Creating economic value from distribution has never been more difficult for life insurers trying to increase business and reduce costs. Balancing the complexities inherent in a competitive marketplace, more than 1,000 U.S. companies currently offering a host of life and annuity products are in a scramble to hold on to representatives from traditional channels and acquire those from nontraditional channels.In the face of a growing market (Baby Boomers looking at retirement strategies now count 77 million), Internet-based customer self-service and a host of alternative distribution channels, keeping traditional, dedicated life insurance sellers on board is no easy task. The number of career life agents dropped to 178,000 in 2000 compared to 238,000 a decade ago, reports TowerGroup, a Needham, Mass., research and advisory firm.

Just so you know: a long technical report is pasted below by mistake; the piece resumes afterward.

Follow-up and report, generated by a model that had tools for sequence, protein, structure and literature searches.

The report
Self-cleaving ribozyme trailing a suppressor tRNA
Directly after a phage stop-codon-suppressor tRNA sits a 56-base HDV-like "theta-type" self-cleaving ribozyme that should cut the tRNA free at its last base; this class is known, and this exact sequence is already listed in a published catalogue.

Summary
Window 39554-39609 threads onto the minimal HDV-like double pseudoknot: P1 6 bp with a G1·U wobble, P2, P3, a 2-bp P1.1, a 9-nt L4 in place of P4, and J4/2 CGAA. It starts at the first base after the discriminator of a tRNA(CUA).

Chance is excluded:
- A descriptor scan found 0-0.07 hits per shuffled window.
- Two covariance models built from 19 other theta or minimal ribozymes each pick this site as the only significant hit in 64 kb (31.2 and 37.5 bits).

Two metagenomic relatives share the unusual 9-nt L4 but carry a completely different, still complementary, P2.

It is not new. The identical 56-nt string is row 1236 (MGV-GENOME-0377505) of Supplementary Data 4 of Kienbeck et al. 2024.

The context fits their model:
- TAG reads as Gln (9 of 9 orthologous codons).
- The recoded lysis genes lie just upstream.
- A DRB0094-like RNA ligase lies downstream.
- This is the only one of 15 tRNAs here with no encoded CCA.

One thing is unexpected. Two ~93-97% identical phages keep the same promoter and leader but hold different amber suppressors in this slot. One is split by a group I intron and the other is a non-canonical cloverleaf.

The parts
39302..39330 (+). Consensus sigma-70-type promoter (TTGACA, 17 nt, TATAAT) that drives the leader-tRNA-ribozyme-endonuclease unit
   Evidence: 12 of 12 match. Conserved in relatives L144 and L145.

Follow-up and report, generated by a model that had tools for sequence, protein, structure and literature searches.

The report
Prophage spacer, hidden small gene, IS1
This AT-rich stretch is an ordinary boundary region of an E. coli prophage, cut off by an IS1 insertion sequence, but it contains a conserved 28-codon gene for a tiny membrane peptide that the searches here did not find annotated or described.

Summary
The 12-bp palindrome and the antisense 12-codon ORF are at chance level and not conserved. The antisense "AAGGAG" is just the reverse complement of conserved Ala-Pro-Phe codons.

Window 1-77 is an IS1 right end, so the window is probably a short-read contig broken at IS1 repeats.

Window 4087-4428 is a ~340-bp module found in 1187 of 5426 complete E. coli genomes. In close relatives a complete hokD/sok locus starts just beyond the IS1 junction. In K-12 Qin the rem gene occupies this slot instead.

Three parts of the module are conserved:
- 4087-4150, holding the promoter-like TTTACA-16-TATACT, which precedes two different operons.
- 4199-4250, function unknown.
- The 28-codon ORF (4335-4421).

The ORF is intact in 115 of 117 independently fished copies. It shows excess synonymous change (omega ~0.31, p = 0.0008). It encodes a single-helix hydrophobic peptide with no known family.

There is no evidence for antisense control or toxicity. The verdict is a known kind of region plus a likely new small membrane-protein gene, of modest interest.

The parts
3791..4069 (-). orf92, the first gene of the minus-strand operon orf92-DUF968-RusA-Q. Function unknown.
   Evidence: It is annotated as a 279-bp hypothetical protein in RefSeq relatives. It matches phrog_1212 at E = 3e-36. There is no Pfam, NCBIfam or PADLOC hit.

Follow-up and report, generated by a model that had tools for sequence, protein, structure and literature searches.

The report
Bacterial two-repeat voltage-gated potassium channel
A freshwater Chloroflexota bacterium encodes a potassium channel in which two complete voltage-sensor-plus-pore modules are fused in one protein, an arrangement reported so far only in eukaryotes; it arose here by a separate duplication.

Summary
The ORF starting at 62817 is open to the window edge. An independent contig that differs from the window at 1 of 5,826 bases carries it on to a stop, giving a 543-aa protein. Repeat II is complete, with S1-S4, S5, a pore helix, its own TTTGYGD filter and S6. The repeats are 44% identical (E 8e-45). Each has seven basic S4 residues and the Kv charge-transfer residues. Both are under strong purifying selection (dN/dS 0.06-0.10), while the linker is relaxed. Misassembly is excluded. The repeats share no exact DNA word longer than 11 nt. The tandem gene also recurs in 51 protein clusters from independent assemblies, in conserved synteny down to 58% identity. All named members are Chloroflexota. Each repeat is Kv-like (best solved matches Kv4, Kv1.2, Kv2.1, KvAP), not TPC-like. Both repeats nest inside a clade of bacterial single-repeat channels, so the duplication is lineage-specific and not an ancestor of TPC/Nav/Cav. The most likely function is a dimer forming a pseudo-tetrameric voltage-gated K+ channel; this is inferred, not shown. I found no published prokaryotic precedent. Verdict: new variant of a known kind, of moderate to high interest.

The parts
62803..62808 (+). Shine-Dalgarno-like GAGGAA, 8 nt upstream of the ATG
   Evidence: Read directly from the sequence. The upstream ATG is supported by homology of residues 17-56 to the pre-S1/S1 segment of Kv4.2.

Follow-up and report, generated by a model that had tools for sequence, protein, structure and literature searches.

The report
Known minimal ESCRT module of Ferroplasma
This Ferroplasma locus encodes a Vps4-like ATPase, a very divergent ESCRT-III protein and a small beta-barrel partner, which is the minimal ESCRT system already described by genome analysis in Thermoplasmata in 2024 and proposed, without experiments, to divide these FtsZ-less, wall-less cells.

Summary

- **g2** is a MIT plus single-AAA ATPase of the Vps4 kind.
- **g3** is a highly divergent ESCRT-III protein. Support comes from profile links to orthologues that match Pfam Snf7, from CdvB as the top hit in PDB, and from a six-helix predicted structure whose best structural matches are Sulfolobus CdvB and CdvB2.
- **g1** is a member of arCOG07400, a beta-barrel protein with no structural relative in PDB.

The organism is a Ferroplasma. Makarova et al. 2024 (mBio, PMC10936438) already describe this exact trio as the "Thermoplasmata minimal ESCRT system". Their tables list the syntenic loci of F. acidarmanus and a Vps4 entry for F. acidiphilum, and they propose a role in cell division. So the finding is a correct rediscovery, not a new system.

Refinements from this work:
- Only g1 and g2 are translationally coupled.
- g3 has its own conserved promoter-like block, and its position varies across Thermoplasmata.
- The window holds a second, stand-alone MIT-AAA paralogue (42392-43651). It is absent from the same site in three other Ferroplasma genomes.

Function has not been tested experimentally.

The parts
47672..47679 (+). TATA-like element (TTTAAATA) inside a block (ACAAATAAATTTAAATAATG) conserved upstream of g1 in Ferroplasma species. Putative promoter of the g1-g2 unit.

Life insurers trying to offset this declining population are hoping to penetrate other channels, such as third-party marketers, financial planners, direct mail, banks and warehouses.
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